There are a couple of holidays a year that cause me to reminisce. One of them is Thanksgiving. Some people may have many memories of Thanksgiving from their childhood, I have one. From my earliest memory, I recall going to Marion, Ohio for Thanksgiving at my grandparents.
Even before there were that many grandchildren, the house on East Farming Street was filled with family waiting for dinner necessitating splitting up to get a place to sit. The living room would have those interested in football, watching whatever game was on. Often the kids would be in the dining room playing a board game until we were shooed away so the table could be set for dinner. The kitchen would have another group, usually sampling the goodies while discussing the happenings of the past year.
I remember the times when my family was able to go up the night before, I would get up early, really early, and find grandma already hard at work in the kitchen, making sure the turkey was properly prepared and in the oven in time to be ready for the hungry mouths that would congregate there in just a few hours.
Oddly, one of my memories of our trips to Marion include a journey into the basement with grandpa. It was an old basement full of all kinds of wonderful things that a kid would love to explore. As I remember, my annual visit often included a “gift” from that basement. Some years it would be an old toy that my uncle had played with when he was a kid growing up there. Other years it might be something that grandpa had made for one of his kids, having been many years since it was stowed away in this “treasure room.” Sometimes the gifts were even more sentimental like a stack of patches grandpa retrieved from discarded flight jackets after World War II ended, his uniform “leggings,” or his Army knapsack still showing the wartime notation on the bottom, “SGT John J. Finn, North Africa.” I didn’t hear many stories from grandpa about his time in the Army. Now that I’m older and have gone to war myself, I think I understand why.
The big Thanksgiving Dinner was always the highlight of the visit. Multiple tables would be strategically arranged in the dining room to make room for the family. As the group continued to grow, once we squeezed into our place in the back, getting out would require the shuffling of at least a half a dozen others so you wanted to be sure you used the restroom before being seated, because you could be stuck a while!
Dinner always included all of the usual Thanksgiving fare. The turkey, of course, with homemade stuffing (none of the Stove Top stuff!), mashed potatoes and gravy, cranberry salad and sauce, and all of the rest. Dessert would bring more choices than could easily be decided, so you would have to try a little of each!
After dinner there were a variety of other activities that are still vivid in my memory. Strangely, though, I don’t remember the clean up, but I do remember retreating to the living room to watch the Thanksgiving Day Parade eagerly waiting for the Jolly Old Elf’s appearance at the end of the parade, signalling the beginning of the Christmas season (obviously, this was many years ago. Now Santa is competing with Halloween for attention!).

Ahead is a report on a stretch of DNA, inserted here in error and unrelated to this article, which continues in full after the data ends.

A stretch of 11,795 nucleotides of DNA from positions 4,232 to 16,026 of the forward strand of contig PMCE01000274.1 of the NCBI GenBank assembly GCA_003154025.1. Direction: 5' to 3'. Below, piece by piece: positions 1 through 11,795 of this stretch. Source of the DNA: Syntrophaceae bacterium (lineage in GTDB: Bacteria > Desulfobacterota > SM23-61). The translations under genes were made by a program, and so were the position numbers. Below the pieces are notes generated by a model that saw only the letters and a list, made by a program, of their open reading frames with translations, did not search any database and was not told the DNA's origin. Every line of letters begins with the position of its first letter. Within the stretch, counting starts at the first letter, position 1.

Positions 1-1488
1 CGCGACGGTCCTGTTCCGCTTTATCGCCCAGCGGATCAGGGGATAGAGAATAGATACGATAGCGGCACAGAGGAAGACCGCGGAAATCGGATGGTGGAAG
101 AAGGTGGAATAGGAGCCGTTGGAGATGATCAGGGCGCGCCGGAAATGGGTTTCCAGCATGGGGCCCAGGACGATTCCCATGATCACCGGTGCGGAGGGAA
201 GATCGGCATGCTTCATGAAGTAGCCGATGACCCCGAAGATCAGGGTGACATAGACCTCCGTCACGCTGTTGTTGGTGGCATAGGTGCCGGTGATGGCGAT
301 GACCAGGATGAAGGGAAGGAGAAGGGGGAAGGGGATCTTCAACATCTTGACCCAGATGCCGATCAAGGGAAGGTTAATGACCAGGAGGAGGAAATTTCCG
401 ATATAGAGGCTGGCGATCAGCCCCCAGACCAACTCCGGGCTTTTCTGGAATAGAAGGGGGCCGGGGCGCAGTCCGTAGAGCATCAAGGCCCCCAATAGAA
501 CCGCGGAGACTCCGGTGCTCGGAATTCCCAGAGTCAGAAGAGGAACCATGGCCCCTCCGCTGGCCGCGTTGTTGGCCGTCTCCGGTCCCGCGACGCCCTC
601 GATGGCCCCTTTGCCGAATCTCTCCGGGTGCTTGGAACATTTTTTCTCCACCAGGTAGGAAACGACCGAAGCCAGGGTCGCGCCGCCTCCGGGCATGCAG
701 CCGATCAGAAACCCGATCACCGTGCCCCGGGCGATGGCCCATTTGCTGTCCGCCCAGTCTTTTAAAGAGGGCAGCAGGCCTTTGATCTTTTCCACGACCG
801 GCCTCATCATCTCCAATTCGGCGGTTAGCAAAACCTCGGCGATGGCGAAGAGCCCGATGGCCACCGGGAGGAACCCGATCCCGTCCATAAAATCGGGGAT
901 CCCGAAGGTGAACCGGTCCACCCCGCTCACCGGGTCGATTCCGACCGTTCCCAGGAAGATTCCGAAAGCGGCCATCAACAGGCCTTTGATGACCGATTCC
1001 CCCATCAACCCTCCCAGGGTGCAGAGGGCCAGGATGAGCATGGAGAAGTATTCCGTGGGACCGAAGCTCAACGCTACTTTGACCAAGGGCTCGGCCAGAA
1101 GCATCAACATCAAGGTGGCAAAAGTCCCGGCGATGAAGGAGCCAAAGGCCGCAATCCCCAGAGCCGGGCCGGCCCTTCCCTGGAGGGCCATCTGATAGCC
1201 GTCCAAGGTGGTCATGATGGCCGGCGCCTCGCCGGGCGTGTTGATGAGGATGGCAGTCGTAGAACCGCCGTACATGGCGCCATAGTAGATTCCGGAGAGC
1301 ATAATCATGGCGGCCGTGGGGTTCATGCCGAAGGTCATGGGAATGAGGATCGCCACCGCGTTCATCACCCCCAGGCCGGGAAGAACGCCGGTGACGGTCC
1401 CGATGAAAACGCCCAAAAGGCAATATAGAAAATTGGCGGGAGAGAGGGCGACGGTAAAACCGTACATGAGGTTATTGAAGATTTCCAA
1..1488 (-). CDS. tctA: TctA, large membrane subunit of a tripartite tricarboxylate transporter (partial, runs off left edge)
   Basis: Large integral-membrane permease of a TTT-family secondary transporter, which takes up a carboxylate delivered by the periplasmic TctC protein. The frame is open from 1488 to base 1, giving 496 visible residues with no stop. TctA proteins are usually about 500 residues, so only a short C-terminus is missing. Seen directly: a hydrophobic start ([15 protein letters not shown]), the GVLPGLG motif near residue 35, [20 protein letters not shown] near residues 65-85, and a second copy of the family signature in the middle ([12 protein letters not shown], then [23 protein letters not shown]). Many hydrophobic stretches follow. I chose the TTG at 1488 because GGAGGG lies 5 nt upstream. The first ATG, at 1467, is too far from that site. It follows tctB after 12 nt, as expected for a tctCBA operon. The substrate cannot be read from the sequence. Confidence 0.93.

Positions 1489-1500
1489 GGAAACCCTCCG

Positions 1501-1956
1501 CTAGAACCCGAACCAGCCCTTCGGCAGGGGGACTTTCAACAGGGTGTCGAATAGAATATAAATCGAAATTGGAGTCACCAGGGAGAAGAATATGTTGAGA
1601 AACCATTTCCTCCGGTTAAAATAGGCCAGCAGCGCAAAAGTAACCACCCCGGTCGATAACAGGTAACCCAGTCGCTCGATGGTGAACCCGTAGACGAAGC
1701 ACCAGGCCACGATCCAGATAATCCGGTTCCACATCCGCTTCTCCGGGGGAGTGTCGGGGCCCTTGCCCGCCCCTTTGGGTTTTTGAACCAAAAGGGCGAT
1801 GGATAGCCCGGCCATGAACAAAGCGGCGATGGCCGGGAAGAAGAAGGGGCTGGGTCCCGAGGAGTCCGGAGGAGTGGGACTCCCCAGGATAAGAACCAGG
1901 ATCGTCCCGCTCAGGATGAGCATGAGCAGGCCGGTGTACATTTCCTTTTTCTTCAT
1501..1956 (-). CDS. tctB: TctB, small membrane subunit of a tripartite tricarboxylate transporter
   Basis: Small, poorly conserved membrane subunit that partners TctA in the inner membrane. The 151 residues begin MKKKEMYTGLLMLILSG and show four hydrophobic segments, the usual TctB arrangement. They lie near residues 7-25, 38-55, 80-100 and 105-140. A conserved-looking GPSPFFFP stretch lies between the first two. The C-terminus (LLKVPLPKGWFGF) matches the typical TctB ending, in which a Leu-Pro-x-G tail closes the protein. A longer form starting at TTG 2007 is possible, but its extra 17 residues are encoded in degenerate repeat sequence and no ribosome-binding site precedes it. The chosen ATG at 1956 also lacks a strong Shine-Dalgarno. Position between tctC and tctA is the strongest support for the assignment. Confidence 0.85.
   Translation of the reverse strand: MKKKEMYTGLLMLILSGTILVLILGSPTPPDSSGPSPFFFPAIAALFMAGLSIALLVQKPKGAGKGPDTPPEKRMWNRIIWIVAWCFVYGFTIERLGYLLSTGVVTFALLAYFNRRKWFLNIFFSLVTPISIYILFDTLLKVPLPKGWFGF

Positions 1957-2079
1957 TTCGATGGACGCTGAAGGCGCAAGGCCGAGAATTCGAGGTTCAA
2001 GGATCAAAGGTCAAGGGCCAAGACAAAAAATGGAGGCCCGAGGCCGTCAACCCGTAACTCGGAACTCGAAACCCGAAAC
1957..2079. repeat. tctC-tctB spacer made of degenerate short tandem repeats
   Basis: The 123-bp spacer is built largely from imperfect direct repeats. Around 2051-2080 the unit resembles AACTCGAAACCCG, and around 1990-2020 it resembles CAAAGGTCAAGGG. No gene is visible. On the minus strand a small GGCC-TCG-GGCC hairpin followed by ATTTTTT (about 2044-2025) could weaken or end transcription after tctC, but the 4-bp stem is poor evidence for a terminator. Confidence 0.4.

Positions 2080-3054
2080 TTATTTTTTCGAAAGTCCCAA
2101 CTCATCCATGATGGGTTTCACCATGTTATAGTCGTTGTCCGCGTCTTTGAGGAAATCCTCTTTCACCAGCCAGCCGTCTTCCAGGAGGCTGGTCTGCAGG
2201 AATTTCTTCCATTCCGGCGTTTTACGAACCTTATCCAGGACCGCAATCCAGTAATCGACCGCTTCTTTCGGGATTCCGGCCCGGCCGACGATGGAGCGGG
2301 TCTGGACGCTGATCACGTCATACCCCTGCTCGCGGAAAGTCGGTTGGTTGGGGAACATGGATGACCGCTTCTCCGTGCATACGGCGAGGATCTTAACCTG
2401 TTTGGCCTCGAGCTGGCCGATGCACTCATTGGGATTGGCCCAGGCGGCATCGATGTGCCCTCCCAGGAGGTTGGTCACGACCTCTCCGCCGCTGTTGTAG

Another tradition was the walk that the “men” would take after dinner. Often there would be the humorous (and after many years, expected) comment about being hungry and needing to get something to eat. Usually the walk included a stop at Pop Wylies, a gas station & convenience store a few blocks away. I remember a few times trying to talk dad into buying me something, anything. Though he’d always question how I could possibly be hungry after just eating such a big dinner. Sometimes though, my Uncle Don would step in and buy me a candy bar or bag of chips. Satisfaction!
I’m sure that we made other trips to Marion to see my grandparents but it’s the trips at Thanksgiving that I remember.
Not long after grandpa died, grandma moved down to Cincinnati, nearer to her daughter and family. Of course, now living in an apartment, she couldn’t host Thanksgiving anymore so Aunt Mary Ann began to host it with grandma there to see that everything went right. Those were good times: the gathering of family, a great meal, watching the game. But it wasn’t quite the same as Thanksgiving in Marion. Later when grandma passed away, Aunt Mary Ann hosted Thanksgiving a couple more years –and those were great times too– but distances to travel and busy schedules caused my participation to fade away.
Over the last several years since then, my immediate family has attempted to make Thanksgiving a significant holiday for us to get together. But with kids in Chicago, Akron and Mansfield Ohio and us in Missouri, that is nearly impossible. These days we sometimes have a smaller dinner with just the family who is still at home, or we enjoy Thanksgiving with other families, which are always great dinners and an enjoyable celebration of Thanksgiving; but nothing has measured up to my memory of Thanksgiving in Marion.
I’ve begun to think forward a bit and now wonder if sometime in the future, as my wife and I become grandparents, our home will be a place where our children and grandchildren will gather for Thanksgiving Dinner. I suspect that as we gather, I will tell them about my childhood memories of Thanksgiving at grandma and grandpa’s in Marion.
Maybe these new times of family gatherings at our home to give thanks will be the beginning of memories for my grandchildren. Maybe when they’re older, they will reminisce about their Thanksgivings at grandma and grandpa’s as a smile slowly forms on their faces.